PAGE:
The BT Tower was the tallest building in both London and the United Kingdom when it was completed in 1964, a title it held until 1980. It gradually became a very prominent landmark that could be seen from almost anywhere in London.
A communications tower located in Fitzrovia London, with a total height to 191 metres (627 ft). It has been previously known as the Post Office Tower, the London Telecom Tower and the British Telecom Tower. Holding the title of the tallest building in London and the United Kingdom from 1964 until 1980, when it was overtaken by the NatWest Tower.
Commissioned by the General Post Office (GPO), its primary purpose was to support the microwave aerials then used to carry telecommunications traffic from London to the rest of the country. The taller structure was required to protect the radio links’ against some of the tall buildings in London than in the planning stage.
Designed by the architect Eric Bedford and G. R. Yeats, the building is concrete clad in glass and narrow cylindrical shape, its foundations are sunk down through 53 metres of London clay. Initially, the first sixteen floors were for technical equipment and power. Above that was a 35-metre section for the microwave aerials, and above that were six floors of suites, kitchens, technical equipment and finally a cantilevered steel lattice tower.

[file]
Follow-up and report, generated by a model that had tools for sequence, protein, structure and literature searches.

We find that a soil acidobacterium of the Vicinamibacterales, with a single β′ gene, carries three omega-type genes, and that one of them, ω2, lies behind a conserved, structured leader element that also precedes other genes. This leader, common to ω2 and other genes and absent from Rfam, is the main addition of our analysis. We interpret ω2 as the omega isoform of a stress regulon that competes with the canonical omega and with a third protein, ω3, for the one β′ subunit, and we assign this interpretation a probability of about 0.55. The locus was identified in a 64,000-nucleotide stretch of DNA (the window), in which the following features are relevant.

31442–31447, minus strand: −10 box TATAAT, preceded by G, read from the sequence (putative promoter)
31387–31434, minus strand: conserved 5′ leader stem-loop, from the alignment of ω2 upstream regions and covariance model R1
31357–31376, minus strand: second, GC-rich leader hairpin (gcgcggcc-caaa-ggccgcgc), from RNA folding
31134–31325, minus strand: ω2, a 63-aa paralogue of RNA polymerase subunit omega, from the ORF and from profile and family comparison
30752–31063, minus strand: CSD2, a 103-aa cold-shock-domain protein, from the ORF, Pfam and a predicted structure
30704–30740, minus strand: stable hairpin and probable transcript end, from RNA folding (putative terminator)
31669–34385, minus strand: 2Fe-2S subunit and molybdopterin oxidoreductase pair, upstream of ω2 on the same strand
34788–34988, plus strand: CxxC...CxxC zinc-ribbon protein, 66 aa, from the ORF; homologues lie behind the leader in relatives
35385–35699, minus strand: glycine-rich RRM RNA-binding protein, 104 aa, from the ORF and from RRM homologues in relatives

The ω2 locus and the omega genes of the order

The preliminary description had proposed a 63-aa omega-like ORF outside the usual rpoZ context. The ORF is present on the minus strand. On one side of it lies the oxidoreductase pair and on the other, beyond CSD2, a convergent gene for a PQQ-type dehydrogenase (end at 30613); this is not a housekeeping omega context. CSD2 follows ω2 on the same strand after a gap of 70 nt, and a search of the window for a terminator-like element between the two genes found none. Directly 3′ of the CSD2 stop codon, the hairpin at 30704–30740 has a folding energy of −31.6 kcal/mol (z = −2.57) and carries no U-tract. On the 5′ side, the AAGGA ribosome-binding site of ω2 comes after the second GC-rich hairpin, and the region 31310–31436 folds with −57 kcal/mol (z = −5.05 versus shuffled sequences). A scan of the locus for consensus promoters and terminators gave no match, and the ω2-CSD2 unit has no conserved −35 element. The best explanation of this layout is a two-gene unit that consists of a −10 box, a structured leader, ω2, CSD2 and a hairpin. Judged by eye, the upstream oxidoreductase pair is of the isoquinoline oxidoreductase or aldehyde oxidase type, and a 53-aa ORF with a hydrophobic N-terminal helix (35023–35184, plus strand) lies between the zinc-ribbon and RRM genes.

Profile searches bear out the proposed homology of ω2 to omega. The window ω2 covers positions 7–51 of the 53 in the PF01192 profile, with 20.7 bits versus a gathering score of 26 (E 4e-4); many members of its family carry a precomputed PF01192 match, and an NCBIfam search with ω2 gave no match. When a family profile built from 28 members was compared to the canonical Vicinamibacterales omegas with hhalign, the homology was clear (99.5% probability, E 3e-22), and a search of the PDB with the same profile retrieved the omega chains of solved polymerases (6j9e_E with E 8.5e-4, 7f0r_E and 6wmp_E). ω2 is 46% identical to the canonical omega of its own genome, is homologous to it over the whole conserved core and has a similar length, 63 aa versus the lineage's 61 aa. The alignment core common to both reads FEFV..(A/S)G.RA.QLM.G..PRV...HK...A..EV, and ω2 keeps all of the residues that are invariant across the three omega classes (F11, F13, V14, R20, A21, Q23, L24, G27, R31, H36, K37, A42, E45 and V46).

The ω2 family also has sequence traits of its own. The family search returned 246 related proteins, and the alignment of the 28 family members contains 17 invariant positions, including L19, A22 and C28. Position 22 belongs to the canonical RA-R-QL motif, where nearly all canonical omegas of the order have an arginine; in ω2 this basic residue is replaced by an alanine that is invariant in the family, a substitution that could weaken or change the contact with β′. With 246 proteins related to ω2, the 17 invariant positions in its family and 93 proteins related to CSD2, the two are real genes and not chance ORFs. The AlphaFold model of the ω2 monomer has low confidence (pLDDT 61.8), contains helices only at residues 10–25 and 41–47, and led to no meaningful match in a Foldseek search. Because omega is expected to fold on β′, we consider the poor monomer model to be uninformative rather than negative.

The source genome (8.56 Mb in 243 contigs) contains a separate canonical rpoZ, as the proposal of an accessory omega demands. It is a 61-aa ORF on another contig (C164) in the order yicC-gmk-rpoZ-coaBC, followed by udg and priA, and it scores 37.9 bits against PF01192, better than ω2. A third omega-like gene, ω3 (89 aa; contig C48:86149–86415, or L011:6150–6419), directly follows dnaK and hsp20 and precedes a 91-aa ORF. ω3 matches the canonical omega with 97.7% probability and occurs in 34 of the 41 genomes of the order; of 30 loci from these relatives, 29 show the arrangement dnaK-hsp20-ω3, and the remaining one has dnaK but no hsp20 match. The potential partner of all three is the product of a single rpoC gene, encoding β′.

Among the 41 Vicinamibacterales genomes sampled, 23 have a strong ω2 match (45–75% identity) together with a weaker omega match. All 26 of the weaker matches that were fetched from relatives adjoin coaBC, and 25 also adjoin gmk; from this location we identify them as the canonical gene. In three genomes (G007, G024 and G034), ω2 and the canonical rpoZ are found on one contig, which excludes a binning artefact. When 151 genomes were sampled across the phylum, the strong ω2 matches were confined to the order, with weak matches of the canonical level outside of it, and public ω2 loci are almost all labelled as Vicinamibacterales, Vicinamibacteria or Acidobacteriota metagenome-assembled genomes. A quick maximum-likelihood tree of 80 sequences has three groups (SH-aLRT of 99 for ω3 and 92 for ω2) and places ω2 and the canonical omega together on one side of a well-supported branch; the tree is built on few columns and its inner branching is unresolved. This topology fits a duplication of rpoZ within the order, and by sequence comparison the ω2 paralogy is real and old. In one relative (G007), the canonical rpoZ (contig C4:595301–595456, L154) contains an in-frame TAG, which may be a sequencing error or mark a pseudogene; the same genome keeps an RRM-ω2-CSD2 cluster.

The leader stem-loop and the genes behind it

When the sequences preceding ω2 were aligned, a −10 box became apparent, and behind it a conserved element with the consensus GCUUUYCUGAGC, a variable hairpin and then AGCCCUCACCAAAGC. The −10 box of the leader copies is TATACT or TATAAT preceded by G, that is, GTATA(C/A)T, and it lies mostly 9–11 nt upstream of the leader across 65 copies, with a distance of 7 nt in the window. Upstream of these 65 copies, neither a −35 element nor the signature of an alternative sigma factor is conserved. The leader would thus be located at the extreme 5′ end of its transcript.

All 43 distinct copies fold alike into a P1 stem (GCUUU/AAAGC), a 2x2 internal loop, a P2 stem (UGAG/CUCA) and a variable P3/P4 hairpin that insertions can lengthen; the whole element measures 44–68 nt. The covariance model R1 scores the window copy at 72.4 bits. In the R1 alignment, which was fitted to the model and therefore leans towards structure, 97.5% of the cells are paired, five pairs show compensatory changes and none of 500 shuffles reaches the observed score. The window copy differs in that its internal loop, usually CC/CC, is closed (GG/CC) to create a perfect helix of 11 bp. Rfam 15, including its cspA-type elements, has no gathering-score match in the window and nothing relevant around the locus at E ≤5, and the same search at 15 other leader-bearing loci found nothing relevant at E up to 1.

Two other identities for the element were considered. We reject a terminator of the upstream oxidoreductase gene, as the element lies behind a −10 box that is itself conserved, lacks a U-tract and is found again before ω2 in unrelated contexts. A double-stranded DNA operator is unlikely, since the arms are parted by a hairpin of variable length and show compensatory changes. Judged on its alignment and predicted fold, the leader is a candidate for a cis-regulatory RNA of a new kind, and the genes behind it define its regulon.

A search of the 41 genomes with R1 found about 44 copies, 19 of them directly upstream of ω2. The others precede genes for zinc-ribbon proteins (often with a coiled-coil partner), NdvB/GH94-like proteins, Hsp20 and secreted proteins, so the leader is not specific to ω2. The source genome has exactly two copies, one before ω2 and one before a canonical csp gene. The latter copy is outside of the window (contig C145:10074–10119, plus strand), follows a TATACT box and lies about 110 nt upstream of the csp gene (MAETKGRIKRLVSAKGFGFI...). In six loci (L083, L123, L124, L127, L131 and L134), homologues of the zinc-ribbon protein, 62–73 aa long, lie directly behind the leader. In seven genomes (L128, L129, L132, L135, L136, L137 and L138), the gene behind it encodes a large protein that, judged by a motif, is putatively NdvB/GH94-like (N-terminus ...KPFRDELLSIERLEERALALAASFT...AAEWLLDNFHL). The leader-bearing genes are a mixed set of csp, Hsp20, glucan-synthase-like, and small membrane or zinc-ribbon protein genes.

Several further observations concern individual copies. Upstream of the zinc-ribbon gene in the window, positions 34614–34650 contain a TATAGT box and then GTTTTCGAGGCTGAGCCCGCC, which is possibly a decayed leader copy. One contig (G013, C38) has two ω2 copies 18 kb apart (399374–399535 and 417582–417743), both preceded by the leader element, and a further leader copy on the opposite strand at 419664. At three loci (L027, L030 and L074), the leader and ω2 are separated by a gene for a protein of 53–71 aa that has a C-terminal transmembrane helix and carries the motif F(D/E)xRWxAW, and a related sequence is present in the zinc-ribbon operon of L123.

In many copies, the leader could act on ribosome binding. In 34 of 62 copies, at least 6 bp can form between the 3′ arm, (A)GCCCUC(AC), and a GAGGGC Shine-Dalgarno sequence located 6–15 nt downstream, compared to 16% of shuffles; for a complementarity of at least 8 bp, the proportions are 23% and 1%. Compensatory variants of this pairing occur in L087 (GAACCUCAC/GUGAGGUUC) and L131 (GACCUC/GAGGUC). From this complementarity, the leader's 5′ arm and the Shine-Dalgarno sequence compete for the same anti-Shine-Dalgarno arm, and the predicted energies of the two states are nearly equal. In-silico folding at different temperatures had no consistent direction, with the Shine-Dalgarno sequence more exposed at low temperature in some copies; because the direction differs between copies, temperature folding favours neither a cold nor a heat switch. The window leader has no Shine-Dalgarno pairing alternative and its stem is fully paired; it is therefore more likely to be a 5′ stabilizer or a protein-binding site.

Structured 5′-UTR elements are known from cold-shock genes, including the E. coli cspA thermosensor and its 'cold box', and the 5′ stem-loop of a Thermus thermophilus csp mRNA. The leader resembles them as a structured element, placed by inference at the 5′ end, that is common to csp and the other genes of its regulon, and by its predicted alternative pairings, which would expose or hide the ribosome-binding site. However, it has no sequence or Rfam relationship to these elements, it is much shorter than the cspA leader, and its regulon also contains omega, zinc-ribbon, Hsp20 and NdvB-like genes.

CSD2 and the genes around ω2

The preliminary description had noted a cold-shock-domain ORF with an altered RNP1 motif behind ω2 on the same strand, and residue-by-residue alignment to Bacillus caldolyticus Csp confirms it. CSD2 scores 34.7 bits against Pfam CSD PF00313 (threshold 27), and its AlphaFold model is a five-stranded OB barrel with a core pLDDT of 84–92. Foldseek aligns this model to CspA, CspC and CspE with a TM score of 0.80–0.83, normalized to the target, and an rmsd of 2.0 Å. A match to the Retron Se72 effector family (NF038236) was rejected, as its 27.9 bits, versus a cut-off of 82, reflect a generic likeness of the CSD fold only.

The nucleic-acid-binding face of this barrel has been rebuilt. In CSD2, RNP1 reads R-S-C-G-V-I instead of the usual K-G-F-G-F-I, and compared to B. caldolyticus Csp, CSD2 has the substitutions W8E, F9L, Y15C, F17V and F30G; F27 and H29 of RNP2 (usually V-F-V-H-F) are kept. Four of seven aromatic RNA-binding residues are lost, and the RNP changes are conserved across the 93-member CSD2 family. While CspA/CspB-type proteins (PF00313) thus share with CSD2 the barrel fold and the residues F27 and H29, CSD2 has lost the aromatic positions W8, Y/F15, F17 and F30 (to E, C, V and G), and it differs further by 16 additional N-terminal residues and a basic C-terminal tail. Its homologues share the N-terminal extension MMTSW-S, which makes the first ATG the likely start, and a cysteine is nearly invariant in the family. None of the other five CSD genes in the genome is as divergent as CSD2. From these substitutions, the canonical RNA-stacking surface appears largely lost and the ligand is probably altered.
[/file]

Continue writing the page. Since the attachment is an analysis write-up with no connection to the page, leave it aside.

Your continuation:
The BT Tower is sometimes used for corporate events but public access to the building ceased in 1981. When it was first opened, as well as the communications equipment and office space, there were viewing galleries, a souvenir shop, and a rotating restaurant, the “Top of the Tower”, on the 34th floor, operated by Butlins. It made one revolution every 22 minutes.
A bomb exploded in the roof of the men’s toilets of the restaurant on 31 October 1971, responsibility for which was claimed by the Provisional IRA, and the restaurant was closed to the public for security reasons in 1980, the year in which the Butlins’ lease expired.
The BT Tower was given Grade II listed building status in 2003.